|Crew:||Pilot and weapons officer|
|Wingarea:||368.00 Sq Ft||34.19 Sq M|
|Empty Weight:||28970.0 lbs||13141.0 Kg|
|Gross Weight:||45664.0 lbs||20713.0 Kg|
|Max Weight:||52400.0lbs||23768.0 Kg|
|No. of Engines:||2|
|Powerplant:||Pratt & Whitney J57-P-55 (A/B 16,900Lb/7,666Kg)|
|Range:||1520 miles||2445.00 Km|
|Cruise Speed:||551.00 mph||887.00 Km/H||479.46 Kt|
|Max Speed:||1134.00 Mph||1825.00 Km/H||986.49 Kt|
|Climb:||49200.0 Ft/min||15000.0 M/min|
|Ceiling:||54800.0 Ft||16705.0 M|
The F-101 VooDoo was ordered by the Strategic Air Command in 1951 as a long range all weather fighter interceptor and protective escort for the B-36. The F-101 carried the US arsenal of nuclear air-to-air missiles, aerial mines and bombs. The reconnaissance version of the F-l0l was the aircraft that provided many of the photos during the Cuban Missile Crisis in 1962. Canada also used F-l0l's as a primary fighter interceptor until the early 1980's. The B model was a two seat all weather interceptor but carried no internal cannon. Instead, a rotary missile bay for three Falcon air-to-air missiles was substituted.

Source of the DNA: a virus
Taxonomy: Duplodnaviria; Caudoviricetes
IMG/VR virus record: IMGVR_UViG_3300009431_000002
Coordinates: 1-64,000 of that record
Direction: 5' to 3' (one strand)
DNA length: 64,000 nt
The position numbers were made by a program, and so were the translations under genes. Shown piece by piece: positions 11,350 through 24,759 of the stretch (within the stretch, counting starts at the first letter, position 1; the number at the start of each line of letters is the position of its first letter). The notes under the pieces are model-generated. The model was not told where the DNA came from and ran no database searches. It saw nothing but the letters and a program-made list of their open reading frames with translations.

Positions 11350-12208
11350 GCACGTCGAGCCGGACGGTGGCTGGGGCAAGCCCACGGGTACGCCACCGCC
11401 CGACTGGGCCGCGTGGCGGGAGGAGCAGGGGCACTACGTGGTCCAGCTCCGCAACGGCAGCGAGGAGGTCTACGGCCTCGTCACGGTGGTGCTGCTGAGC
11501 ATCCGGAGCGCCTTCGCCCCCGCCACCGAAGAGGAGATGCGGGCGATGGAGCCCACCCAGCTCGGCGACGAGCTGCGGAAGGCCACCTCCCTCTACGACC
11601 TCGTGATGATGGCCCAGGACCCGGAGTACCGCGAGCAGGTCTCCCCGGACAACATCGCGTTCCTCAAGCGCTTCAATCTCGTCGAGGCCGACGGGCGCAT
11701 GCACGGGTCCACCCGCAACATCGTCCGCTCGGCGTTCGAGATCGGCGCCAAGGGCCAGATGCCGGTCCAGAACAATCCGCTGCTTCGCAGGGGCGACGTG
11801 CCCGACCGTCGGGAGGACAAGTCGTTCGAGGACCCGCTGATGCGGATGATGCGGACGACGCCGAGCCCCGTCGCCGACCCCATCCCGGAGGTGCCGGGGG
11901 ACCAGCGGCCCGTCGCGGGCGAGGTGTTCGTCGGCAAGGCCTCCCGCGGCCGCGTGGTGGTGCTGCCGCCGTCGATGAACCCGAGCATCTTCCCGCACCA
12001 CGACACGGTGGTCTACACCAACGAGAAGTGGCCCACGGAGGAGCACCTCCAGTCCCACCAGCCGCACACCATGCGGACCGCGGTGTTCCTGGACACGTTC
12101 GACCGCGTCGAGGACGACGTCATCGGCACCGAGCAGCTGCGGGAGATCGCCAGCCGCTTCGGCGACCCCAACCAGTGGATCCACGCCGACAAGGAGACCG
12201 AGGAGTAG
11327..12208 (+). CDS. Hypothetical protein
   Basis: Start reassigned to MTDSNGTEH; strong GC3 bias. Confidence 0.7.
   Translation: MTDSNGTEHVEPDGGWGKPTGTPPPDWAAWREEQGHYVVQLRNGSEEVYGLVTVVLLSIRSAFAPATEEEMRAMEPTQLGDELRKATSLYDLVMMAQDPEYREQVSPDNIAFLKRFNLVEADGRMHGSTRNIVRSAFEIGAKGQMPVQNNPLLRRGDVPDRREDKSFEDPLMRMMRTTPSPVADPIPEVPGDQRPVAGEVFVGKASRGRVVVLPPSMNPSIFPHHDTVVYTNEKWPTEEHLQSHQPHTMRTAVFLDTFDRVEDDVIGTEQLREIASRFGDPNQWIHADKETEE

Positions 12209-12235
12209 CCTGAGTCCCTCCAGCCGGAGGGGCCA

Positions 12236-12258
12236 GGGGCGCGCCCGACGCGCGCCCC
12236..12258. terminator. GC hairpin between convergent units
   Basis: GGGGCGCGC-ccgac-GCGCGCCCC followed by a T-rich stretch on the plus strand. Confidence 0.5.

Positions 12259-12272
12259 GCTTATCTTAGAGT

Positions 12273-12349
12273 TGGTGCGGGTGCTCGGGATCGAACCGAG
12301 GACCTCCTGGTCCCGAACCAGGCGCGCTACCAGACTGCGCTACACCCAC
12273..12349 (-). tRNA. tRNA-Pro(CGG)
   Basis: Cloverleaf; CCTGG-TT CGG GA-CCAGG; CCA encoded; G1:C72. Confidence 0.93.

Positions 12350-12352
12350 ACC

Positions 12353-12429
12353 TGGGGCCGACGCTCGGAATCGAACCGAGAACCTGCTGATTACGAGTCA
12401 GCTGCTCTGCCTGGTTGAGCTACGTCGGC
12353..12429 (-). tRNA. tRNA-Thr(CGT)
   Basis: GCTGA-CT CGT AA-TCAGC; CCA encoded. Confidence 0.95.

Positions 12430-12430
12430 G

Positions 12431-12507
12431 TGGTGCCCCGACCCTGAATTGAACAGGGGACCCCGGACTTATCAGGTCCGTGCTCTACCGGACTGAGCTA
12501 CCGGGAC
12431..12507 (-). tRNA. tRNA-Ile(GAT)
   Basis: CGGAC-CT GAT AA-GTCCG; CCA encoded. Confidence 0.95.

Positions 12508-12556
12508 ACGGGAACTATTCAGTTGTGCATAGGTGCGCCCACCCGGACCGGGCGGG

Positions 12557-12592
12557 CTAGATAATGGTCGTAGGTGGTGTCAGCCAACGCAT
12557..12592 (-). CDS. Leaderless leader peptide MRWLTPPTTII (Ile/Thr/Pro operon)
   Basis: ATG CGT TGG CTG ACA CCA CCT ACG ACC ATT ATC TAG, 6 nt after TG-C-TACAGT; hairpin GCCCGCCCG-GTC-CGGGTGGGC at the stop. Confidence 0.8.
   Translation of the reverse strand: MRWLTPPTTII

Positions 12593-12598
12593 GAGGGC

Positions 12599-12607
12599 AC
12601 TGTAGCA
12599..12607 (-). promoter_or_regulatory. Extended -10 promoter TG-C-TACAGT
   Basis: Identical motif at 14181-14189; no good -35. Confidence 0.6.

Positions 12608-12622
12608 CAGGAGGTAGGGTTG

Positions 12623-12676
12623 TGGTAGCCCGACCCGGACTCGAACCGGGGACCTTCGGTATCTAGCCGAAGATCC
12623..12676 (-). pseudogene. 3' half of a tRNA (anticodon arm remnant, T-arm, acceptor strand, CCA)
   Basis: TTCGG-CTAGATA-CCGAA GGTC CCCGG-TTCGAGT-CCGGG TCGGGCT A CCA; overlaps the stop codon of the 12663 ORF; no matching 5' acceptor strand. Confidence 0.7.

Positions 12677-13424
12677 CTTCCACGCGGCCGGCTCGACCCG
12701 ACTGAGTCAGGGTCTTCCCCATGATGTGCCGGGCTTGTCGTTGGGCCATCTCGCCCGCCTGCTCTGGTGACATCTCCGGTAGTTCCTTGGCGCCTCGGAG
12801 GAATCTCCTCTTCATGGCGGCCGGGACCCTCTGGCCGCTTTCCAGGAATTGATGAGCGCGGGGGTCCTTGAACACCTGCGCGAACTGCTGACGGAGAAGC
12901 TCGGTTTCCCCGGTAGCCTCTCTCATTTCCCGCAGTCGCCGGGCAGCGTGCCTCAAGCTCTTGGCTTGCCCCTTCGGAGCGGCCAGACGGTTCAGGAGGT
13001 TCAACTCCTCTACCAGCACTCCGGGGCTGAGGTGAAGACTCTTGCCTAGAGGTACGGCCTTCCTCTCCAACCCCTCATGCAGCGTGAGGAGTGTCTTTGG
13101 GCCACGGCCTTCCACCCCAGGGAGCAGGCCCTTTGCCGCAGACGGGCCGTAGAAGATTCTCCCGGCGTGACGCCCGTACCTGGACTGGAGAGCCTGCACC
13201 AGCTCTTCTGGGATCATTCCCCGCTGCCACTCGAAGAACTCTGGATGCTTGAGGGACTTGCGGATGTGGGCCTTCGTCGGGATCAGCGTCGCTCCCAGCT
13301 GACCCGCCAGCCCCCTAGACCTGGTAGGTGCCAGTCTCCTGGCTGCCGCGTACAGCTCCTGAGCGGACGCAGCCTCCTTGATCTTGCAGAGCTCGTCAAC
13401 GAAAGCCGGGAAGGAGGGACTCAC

The F-101 at the March Field Museum is a B model serial number 59-418. It was built in St. Louis, Missouri, by McDonnell Aircraft and delivered to the Air Force on 23 July 1960. This aircraft is on loan from the USAF.
It served in the following locations:
Jul 1960 - To 49th Fighter Interceptor Squadron (ADD), Griffiss AFB NY
Jul 1968 - To 60th Fiqhter Interceptor Squadron (ADC), Otis AFB MA
Apr 1971 - To 107th Tactical Fighter Group (ANG), Niagara Falls AP NY
Jan 1973 - 107th TFG became the 107th Fighter Interceptor Group
Mar 1982 - Dropped from inventory by donation to school or museum
It was received at March Field Museum in 1982.
According to Archie Difante, Archivist at the Air Force Historical Research Agency (AFHRS/RSA), Maxwell AFB, AL, the total flight hours for this aircraft is 4,701.9 hours.